Tip #5 Be Inspired: While you are taking that luxurious bubble bath, turn on an inspirational podcast to help motivate you. One of the biggest podcasters out there right now is Lewis Howes who will be releasing a new book soon. He is currently doing three podcasts a week and they will teach you how to be great; his focus is “a real-world guide to living your dreams, making and impact, and leaving a lasting legacy.” Another great podcast to listen to is Gretchen Rubin. Her newest show entitled, “Happier with Gretchen Rubin” is hosted with her sister. It’s taking the podcast world by storm and is there to help you “increate your happiness in life.” These are just a few of the great podcasts you can listen to whether you are relaxing in the bath or on your way to work. 

Tip #6 Make the Great Escape: Sometimes, what you really need is some time just to yourself. While you may be reading this thinking it sounds rather selfish, get that idea out of your mind. A little time just with “me, myself, and I” can be very therapeutic. Take in a funny movie or a comedy show. It’s good for you to get out and to get a laugh! 

Tip #7 Change it up: Along with taking yourself out on a hot date to the movies, you can take yourself out on a hot day to salon. Whether that means dropping a little cash to get a new hairdo while you vent to your hairdresser or leaning back and getting a pedicure, taking care of yourself in this way is incredibly important too. We all know self-esteem is a big part of life and sometimes what we need is a little pick me and maybe a new pair of shoes to help us forget our work woes.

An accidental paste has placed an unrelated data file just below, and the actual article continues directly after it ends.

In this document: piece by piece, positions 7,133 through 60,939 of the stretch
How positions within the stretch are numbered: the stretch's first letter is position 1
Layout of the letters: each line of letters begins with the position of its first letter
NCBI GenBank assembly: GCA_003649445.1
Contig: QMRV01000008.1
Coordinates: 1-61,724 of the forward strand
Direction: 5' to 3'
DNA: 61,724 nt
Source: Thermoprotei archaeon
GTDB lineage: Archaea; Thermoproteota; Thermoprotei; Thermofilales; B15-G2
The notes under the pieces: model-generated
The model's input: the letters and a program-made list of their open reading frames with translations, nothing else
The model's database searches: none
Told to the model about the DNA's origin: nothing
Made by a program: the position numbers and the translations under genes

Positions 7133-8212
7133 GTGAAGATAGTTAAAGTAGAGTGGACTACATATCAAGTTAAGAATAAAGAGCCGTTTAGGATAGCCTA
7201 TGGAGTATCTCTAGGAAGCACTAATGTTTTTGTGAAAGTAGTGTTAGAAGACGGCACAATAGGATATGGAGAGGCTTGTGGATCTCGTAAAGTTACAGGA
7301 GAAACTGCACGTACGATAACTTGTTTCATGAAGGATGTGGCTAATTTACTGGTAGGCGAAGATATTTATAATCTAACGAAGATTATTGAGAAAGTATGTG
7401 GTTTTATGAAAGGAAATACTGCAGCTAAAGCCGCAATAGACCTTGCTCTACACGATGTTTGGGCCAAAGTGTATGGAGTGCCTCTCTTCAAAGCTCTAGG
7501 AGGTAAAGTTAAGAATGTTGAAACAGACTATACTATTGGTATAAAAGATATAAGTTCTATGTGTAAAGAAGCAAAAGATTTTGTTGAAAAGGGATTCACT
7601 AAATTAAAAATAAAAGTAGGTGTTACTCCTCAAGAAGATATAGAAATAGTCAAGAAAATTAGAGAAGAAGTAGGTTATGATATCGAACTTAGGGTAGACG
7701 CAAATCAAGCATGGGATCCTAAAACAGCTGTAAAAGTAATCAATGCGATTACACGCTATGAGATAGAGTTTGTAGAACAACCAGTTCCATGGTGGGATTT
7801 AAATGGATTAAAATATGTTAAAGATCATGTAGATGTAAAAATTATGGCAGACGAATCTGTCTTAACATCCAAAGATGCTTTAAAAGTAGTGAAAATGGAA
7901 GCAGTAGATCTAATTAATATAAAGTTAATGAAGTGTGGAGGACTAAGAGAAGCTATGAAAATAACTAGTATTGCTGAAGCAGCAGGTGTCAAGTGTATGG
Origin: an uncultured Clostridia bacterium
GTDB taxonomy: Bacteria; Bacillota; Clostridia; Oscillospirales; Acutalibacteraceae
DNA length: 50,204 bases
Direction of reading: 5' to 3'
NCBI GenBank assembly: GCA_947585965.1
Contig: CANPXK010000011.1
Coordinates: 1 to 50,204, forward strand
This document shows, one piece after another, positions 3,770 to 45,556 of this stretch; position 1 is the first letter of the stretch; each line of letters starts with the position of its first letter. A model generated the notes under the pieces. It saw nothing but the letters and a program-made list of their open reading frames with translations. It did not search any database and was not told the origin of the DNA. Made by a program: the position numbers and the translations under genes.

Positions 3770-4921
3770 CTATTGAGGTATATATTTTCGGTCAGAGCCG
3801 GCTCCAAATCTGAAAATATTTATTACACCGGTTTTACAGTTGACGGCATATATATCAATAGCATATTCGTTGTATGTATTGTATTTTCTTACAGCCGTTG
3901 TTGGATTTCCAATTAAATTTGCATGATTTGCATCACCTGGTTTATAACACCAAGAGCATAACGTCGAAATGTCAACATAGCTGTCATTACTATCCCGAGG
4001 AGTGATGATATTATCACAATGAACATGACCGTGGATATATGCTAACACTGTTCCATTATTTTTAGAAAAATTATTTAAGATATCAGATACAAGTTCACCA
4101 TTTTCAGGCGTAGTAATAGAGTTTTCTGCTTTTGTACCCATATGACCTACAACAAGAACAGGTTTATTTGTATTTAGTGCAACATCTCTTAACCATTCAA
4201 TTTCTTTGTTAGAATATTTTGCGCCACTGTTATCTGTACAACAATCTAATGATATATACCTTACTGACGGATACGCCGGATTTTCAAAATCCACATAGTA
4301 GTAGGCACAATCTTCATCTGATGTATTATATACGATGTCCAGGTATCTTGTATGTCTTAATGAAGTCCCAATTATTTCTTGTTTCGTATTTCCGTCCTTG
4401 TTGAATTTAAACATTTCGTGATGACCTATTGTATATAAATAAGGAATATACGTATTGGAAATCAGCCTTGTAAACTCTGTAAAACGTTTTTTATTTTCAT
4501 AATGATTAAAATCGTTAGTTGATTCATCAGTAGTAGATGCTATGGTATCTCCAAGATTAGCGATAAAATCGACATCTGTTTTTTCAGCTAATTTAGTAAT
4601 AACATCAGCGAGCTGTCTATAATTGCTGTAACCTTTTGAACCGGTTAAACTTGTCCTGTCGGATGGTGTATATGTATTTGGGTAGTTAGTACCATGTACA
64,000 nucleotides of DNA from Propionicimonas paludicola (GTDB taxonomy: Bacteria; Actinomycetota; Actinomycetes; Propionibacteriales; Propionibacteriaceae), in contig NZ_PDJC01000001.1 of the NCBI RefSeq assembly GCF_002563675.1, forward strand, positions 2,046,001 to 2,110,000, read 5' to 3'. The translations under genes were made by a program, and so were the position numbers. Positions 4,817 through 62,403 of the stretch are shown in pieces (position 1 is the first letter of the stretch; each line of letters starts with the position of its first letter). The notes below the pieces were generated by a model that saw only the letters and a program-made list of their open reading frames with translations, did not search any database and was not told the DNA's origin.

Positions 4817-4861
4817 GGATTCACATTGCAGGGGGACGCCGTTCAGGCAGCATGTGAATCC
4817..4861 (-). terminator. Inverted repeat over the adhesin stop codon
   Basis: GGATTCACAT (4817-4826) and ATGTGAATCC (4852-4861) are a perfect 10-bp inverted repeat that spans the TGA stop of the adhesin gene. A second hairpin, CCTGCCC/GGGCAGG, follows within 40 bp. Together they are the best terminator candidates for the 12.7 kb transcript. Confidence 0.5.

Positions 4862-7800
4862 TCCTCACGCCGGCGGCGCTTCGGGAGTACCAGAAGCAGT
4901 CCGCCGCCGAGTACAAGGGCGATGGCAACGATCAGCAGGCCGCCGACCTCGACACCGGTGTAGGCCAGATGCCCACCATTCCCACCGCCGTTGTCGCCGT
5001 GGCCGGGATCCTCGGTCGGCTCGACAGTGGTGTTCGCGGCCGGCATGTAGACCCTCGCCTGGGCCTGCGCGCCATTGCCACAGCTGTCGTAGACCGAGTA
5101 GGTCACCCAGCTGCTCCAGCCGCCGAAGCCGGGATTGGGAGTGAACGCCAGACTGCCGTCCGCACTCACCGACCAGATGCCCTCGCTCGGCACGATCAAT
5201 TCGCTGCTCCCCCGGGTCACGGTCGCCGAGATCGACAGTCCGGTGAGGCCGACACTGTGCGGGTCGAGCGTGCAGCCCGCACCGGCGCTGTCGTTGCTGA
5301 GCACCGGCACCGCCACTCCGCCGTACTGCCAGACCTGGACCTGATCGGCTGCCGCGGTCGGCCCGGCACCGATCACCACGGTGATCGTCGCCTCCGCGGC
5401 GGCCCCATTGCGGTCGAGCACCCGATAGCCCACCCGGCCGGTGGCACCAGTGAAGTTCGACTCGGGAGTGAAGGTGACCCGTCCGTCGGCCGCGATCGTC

Tip #8 Read it: Getting lost in a book can be a great way to de-stress and focus your mind elsewhere. You can either read a book simply for pleasure (hello Nicholas Sparks) or you can focus on a self-help type book. A great book to look into is entitled Practicing Mindfulness. This book teaches you about how to mediate correctly and discusses how science has shown the ways meditation can help you physically, mentally, and emotionally. Learning this art can come in handy in a variety of stressful situations. 

Tip #9 Write it: If you’re not the type of person to talk out your feelings, you can always choose to write about them. It’s important to somehow let go of the stress you may be feeling and if you’re not a vocal person, writing is a great way to do it. Keeping a journal that talks about your thoughts and feelings is a great way to let things go, and it gives you something to reflect on later. 

Tip #10 Just say…: “NO.” This is the best two-letter word in the entire dictionary and as people in the field of education we simply do not say it enough. Recognize what you can take on and don’t put too much on your plate. If you can’t handle any more at this time, tell the person making the request that you simply don’t have time. Learning how to say “no” when you need to will make your life so much less stressful in the short and long term. 

Stress is all around us every day and that’s ok. Stress can be healthy when it’s managed appropriately. Follow the tips above to help you be the best Instructional Coach you can be. Remember to take care of you. If you aren’t at your best, will they be at theirs? 

https://www.healthline.com/health/stress/effects-on-body#3

What do you do for Instructional Coach Self Care?